5. ChristineStaten says:

    Was there a trading post there before 1908? Looking for the grave of Peter McNichol or birth of son Andrew but the dates would be before 1908 family came from Scotland in 1904 same year Andrew was born Maybe!

  6. Tanya Neil Boorman says:

    Hi I was looking for information / history for Barnes Avenue

  7. Derk says:

    Good Afternoon.

    I am very interested in the picture above of the Trestle over Hog’s bay…. we just purchased a home built from the timbers of the trestle and would love to have a high quality version of that picture hanging on the timbers.

    Thank you for your time,

    Derek

  8. Pat Kerr says:

    There used to be a private tree arboretum located off Alberta St. It was surrounded by a huge hedge so not visible from the road. Does anyone know what happened to it or to the grower?

  9. Pat Kerr says:

    Thank you. I did find it and you are correct. Wonderful place. We were able to do photographs. I do hope the home and orchard will be preserved.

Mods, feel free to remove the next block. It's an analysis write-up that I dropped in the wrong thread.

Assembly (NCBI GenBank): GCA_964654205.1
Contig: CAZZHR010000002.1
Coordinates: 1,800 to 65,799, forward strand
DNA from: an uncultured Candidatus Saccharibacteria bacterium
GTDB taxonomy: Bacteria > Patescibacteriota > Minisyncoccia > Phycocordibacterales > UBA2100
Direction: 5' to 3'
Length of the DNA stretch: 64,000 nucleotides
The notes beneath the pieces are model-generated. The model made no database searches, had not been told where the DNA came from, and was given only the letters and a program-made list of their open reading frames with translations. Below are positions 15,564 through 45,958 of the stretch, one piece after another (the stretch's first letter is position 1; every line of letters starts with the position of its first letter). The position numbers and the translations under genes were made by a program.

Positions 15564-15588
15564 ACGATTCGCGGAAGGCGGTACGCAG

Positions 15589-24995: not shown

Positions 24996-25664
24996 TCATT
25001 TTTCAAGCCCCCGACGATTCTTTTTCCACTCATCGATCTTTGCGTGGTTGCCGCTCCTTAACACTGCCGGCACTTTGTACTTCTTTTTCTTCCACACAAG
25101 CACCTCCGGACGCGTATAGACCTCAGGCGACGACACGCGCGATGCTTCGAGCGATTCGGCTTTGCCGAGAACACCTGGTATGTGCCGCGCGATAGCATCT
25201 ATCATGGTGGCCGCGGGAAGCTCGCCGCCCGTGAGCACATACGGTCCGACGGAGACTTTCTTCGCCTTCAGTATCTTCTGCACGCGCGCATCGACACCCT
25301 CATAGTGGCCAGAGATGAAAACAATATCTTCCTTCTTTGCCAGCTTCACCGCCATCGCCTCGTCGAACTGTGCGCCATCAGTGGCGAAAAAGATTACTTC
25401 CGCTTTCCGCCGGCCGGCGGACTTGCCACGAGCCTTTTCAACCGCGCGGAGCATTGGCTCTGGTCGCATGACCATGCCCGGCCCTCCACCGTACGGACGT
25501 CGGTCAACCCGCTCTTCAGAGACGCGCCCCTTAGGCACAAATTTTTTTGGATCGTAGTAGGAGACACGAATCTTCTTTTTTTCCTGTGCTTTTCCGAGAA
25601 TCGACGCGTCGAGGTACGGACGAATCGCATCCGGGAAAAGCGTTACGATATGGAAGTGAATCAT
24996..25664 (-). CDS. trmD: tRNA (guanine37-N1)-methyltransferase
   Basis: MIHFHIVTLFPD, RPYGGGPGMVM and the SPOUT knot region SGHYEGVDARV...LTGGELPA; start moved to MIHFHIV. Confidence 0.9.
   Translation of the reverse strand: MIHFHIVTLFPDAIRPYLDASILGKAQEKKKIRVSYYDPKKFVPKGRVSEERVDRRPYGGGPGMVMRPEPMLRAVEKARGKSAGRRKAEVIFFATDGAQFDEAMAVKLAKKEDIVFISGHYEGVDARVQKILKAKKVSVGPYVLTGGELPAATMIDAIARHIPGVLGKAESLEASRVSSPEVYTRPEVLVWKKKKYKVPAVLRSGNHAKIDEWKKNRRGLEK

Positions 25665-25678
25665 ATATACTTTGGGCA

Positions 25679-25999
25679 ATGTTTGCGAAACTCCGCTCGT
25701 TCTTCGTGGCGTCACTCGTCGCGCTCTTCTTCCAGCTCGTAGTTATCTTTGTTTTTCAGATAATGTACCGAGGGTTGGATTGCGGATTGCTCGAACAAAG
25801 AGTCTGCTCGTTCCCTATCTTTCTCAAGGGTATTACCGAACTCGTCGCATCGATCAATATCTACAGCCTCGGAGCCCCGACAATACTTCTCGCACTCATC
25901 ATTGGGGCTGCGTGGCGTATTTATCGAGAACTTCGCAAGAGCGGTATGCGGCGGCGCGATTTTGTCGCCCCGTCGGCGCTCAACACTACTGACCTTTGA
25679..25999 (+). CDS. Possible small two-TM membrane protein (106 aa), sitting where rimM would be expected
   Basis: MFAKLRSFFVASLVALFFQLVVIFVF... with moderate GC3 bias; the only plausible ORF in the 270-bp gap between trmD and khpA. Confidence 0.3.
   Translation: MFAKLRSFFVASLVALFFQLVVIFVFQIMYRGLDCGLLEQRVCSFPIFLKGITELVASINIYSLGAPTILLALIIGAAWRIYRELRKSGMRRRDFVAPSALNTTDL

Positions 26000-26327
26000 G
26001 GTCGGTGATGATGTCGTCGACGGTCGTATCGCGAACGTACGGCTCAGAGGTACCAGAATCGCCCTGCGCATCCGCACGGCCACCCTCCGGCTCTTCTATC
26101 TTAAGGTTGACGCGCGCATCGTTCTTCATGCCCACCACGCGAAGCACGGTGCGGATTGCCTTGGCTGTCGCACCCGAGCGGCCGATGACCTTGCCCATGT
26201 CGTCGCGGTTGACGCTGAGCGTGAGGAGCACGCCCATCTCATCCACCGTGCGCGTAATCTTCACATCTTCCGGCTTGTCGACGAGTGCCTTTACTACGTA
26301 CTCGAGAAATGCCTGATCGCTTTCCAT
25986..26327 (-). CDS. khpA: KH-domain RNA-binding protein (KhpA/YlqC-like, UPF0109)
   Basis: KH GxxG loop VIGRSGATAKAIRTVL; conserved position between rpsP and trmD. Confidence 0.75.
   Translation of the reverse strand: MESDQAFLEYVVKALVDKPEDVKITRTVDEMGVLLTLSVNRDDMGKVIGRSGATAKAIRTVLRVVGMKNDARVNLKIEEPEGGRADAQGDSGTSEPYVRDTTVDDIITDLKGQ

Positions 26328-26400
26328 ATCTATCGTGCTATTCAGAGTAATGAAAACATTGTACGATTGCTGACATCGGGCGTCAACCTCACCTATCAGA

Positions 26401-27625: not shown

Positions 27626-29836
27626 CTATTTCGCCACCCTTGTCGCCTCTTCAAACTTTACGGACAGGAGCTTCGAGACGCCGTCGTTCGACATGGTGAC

10. Austin says:

    Well, ive been trying to find information on this abandoned broken building that looks like it could have been a house of some sort, its all made of stones, and its way out in the the middle of a bush, theres no rode or trail to it, its out in the forest on the left when you come into Port, Wondering if anyone knows what im talking about, and if anyone knows what it might have been.

  11. Brad Larkin says:

    Hello. My grandfather Cyril Larkin apparently had a clothing shop in Port McNicoll probably in the 1950’s maybe the 1960’s. Wondering if there is any info on him or the business. Thank-You

  12. Robert McNicoll says:

    Hello, my name is Robert McNicoll, and I have always wanted to visit Port McNicoll.
    My grandfather Thomas Stewart McNicoll was born in Cincinnati Ohio, and his father James MacNicol was married to Mary Stewart, both from Portee, Isle of Skye, came to Ohio in 18436. James had brothers and cousins who emigrated to Canada in 1840’s.

  13. Bruce Ritter says:

    Is there any information about what is happening with the Skyline redevelopment. Is it still going ahead?